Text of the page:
Cute ideas about evolution had been floating around for millennia, but, like most philosophical ideas, although they did seem to offer a solution of sorts to the problem at hand, they didn’t promise to go any farther, to open up new investigations or generate surprising predictions that could be tested, or explain any facts they weren’t expressly designed to explain. The evolution revolution had to wait until Charles Darwin saw how to weave an evolutionary hypothesis into an explanatory fabric composed of literally thousands of hard-won and often surprising facts about nature. 
But the concept of meme isn’t just vague: it is, secondly, atomistic. Like genes (at least in sociobiological treatments), memes seem to function in isolation from one another, each facing up to the force of natural selection on its own. But this is quite wrong. What we call scientific concepts, for example, are in fact complex wholes composed of a number of different ‘concepts’ and propositions. Once again natural selection serves very well to illustrate the point. As we saw in the previous section, this ‘idea’ in fact consists of a set of distinct assumptions – ‘the Struggle for Existence, genetic mutation, the ‘strong principle of inheritance’, and differential ‘fitness’ – from which certain conclusions may be inferred. Ideas don’t confront whatever tests of their truth and usefulness to which they are subject on their own, but as parts of larger wholes. 
Finally, the concept of meme ignores not only the theoretical context of concepts, but also their historical context. The formation and, even more important, the reception of ideas depends on a constellation of circumstances which can’t be reduced to the mere interaction of atomistic memes. The triumph of Adrian Desmond’s and James Moore’s brilliant biography of Darwin lies in their success in reconstructing the environment – Victorian capitalism, Malthusian ideology, political and theological controversy – in which he groped towards the concept of natural selection, hesitated long before publishing his discovery, and finally enjoyed widespread (though bitterly contested) acceptance.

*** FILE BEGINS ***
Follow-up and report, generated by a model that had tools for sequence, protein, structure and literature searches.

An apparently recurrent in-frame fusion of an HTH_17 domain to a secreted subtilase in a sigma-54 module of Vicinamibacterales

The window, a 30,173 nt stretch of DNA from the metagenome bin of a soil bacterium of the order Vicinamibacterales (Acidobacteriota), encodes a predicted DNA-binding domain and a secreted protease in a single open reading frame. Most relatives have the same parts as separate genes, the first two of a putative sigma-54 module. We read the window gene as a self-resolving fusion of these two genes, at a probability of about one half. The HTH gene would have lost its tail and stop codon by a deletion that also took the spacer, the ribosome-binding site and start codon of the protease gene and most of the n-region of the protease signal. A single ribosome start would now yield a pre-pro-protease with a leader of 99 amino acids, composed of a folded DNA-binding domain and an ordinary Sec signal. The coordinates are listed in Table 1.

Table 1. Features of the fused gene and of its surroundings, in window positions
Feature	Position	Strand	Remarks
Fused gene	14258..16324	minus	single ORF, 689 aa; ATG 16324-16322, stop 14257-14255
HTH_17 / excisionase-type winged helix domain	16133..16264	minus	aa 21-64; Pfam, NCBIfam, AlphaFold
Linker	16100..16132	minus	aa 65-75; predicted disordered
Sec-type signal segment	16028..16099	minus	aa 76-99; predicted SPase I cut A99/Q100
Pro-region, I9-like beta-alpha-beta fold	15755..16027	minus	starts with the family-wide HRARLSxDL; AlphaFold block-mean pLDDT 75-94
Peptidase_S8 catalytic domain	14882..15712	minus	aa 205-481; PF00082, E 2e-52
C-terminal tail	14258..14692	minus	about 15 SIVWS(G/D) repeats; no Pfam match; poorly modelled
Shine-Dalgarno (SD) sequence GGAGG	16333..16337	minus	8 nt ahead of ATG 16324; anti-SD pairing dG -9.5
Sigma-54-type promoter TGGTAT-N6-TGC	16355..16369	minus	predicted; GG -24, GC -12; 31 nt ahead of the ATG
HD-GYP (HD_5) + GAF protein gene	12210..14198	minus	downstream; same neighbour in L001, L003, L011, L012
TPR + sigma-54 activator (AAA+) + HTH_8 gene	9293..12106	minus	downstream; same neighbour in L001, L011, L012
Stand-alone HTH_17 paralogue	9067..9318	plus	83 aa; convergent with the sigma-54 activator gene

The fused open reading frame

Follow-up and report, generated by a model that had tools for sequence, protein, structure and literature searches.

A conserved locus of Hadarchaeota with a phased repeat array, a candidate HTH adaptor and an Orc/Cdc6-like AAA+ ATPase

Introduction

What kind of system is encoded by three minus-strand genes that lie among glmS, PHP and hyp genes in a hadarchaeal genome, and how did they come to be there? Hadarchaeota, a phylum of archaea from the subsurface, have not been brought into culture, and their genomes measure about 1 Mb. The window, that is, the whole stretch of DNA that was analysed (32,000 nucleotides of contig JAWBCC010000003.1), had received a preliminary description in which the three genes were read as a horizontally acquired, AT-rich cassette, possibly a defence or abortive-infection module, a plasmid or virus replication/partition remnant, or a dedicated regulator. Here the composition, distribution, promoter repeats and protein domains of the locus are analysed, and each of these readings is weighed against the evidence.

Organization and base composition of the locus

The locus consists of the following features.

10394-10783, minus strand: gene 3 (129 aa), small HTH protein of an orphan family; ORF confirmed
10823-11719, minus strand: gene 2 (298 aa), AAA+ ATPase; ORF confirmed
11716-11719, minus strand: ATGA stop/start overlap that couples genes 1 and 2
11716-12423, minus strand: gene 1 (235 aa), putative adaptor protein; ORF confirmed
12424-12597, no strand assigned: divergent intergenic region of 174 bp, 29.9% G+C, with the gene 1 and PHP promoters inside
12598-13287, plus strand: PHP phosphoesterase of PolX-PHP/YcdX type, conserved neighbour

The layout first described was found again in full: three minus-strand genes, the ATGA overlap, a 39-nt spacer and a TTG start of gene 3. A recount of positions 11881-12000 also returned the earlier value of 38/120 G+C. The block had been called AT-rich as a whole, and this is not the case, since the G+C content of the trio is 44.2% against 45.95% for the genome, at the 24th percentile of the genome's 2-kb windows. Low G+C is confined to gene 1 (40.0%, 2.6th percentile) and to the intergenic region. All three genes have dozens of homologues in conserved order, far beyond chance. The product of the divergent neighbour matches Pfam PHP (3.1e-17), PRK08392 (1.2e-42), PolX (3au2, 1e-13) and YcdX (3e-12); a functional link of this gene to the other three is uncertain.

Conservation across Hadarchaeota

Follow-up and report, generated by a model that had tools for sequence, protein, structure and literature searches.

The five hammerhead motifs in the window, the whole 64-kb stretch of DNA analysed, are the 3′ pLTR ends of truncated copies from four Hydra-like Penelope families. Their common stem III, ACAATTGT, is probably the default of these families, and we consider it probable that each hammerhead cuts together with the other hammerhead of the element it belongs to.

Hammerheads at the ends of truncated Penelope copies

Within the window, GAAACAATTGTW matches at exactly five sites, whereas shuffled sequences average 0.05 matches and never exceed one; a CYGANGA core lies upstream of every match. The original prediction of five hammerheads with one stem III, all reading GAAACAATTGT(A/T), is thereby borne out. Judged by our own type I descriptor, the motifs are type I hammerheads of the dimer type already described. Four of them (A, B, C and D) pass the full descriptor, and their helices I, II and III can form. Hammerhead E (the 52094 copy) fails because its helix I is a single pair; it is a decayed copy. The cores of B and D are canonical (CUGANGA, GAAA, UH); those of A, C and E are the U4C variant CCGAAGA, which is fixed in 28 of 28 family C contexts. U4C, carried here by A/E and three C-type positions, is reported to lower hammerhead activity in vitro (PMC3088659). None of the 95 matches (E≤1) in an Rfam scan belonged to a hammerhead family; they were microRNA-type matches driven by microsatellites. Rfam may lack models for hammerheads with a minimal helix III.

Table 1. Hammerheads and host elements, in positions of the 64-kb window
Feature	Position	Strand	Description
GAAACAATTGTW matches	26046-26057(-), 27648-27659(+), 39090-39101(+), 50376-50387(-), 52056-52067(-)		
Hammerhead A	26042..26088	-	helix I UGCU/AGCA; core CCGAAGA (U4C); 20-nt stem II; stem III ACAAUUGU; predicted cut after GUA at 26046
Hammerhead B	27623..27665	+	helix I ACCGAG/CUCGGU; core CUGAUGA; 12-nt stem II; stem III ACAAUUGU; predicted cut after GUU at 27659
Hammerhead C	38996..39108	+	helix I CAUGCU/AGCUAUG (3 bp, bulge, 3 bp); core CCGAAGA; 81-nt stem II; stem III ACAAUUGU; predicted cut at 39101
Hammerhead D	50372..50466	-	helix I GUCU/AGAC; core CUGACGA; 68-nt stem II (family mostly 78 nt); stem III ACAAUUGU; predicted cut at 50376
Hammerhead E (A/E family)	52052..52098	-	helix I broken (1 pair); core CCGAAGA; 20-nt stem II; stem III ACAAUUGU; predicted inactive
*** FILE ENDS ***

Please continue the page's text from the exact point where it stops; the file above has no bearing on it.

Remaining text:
Dennett shows no awareness of these fundamental weaknesses of the concept of meme. But his use of it is considerably more hesitant in Darwin’s Dangerous Idea than it was in Consciousness Explained. Thus he says that ‘whether such [i.e. meme] evolution is weakly or strongly analogous or parallel to genetic evolution, the process that Darwinian theory explains so well, is an open question.’ This is potentially a very damaging concession, since the weaker the analogy, the bigger the obstacle to applying biological reasoning to the explanation of human behaviour. And when Dennett comes to discuss sociobiology directly, he retreats further in the face of its critics’ fundamental argument that most successful human practices can be explained, not genetically, but as a result of cultural innovation and transmission.